Silvia letts from the Crowd retire


The cautious Lovers.

Primary Text:

MS Folger, 258-60*.

Some good stanzas from Folger text:

[3]The World a vast Meander is
Where Hearts confus'dly stray
Where few do hitt whilst thousands misse
The happy mutual way . . .

[5]Where some too soon themselvse misplace
Then in another find
The only Temper Witt or Face
That cou'd affect their Mind . . .

[12]In ancient History we meet
A flying NYmph beray'd
Who had she kept in fruitfull Crete
New Conquests might have made

[13]And sure as on the Beache she stood
To view the parting Saylses
She curs'd her Self more then the Flood
On the conspiring Gales . . .

Secondary Eds:

1713 Misc, 118-22 ; rpt of 1713: 1903 Reynolds, 147-9; rpt of 1903 Reynolds: 1930 Fausset, 69-71.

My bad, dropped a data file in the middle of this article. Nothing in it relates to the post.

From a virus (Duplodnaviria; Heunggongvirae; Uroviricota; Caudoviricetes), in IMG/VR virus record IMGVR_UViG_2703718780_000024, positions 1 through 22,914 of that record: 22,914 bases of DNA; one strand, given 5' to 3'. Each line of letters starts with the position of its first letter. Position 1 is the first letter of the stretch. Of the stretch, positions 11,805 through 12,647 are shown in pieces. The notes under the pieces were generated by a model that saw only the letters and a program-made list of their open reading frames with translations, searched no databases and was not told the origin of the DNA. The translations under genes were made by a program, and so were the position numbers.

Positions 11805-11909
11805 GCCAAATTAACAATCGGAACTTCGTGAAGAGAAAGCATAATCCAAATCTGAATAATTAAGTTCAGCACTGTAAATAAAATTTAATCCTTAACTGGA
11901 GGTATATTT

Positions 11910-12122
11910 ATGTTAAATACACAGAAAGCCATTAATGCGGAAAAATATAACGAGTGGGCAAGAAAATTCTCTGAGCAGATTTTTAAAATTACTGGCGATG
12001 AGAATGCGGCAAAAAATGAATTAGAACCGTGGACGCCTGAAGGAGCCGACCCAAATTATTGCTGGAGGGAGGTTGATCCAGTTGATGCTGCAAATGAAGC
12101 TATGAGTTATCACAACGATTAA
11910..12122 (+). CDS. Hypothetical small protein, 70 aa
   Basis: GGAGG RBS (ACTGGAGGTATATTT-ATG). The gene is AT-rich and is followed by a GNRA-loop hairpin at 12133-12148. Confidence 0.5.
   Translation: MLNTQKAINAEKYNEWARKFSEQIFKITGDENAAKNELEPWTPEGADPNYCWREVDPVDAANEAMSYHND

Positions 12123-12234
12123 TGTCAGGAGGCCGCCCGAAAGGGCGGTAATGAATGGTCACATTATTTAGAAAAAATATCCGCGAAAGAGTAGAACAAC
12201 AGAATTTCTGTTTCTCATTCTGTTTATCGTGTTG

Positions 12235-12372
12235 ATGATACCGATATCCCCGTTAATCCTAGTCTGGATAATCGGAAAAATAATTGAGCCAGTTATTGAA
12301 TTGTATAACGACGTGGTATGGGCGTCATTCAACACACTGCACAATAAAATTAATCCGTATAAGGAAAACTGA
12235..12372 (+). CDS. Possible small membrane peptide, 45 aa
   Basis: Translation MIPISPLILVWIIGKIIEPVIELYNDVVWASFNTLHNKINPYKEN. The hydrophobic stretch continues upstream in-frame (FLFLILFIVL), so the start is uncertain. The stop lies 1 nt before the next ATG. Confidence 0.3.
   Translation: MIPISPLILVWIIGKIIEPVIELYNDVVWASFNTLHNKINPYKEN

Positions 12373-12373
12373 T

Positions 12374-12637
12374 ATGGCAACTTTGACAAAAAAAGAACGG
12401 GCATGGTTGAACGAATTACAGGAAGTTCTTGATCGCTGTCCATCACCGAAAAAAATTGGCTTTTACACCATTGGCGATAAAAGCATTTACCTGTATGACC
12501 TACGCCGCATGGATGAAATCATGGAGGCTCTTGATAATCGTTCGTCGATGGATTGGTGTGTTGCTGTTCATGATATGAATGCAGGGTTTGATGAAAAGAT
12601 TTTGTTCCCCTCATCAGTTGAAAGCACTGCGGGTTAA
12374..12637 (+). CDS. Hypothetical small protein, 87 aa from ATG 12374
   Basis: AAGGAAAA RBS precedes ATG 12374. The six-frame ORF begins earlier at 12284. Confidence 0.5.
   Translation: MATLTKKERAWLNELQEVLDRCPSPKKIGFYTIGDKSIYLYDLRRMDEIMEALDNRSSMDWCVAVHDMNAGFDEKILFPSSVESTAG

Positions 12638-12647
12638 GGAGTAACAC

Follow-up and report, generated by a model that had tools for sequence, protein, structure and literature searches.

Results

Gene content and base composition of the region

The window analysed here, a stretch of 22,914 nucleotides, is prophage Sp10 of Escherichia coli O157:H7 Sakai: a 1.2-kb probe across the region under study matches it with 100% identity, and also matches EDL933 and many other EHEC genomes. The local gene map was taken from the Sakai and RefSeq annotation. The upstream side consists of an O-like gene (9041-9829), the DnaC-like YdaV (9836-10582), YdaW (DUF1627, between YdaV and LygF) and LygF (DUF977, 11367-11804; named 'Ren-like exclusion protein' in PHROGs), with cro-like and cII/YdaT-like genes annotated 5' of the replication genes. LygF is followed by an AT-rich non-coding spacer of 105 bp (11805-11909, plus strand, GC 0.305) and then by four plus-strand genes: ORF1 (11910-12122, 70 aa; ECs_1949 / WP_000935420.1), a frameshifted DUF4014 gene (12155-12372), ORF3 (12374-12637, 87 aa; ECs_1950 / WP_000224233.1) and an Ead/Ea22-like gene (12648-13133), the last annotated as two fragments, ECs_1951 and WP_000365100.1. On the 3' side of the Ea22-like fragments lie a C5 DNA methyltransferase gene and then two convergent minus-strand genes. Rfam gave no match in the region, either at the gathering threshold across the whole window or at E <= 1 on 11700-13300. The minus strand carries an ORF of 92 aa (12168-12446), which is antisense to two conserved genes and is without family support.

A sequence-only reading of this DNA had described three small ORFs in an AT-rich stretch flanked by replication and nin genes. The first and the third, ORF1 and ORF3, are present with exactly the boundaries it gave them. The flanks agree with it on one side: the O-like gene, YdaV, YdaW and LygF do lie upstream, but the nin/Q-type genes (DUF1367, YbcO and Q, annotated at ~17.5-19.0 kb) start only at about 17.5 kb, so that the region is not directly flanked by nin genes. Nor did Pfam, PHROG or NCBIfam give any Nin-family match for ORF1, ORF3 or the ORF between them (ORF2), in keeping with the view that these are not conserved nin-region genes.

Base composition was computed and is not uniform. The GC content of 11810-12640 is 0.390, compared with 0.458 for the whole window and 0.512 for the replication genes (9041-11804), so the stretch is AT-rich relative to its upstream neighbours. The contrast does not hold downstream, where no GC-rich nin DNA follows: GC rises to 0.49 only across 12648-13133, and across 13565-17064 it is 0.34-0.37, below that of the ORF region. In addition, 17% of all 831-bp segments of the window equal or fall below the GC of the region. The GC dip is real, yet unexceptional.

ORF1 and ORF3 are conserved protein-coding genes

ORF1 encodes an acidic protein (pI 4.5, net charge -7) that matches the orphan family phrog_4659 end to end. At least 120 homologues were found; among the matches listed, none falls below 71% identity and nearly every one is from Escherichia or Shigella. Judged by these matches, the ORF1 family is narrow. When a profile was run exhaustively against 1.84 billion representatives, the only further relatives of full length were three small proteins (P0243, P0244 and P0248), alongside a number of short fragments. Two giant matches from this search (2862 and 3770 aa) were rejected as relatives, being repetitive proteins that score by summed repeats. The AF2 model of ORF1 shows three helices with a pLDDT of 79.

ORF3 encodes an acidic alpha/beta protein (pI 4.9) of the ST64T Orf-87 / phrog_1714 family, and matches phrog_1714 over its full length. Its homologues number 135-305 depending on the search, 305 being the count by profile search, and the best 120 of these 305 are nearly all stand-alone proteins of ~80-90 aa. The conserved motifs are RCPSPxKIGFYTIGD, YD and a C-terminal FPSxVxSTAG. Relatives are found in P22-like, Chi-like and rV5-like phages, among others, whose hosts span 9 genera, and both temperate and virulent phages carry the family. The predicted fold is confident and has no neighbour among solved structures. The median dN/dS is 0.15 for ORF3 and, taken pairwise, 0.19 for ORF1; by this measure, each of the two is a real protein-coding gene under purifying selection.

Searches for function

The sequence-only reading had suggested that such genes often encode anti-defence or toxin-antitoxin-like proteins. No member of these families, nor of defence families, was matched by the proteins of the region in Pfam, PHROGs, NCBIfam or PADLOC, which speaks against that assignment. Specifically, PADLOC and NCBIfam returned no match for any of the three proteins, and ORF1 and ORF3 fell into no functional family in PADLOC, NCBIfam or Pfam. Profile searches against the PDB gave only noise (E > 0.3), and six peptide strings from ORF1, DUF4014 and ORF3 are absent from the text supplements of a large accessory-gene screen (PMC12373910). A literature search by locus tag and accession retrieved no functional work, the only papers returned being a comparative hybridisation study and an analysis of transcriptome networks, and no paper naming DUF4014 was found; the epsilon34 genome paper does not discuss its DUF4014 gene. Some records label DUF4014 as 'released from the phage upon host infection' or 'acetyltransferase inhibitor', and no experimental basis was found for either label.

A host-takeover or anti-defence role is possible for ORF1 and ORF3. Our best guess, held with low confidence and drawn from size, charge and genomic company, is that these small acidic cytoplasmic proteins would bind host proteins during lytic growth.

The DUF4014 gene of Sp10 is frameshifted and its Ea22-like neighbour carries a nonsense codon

1724 The Hive II 139-41.


Rpt of 1713/1903: 1905 Wordsworth (compiled 1819), 28-31 (omits stanzas 9-10).


A unnamed male is the first speaker of this 15 stanza poem. In its first 8 stanzas he warns Silvia of how parents, herself and other lovers will betray. It is very rare that two people come together who are deeply congenial, and even if they do, someone more fitting often comes along. He seems to suggest that she therefore yield to her impulse to give herself to him. You cannot withstand nature so divert yourself. The 9th stanza opens with two connecting lines by the narrator and then for the rest of the poem Silvia adduces Ariadne's fate (pictured in some effective stanzas); she fears hurt. The "moral" drawn is cheerless repression: "Who though their Int'rest shipwrack'd are/Keep unreprov'd their Wit." Although the woman may, even must end, shipwrecked, at least she will not have the humiliation of knowing she's been a fool.
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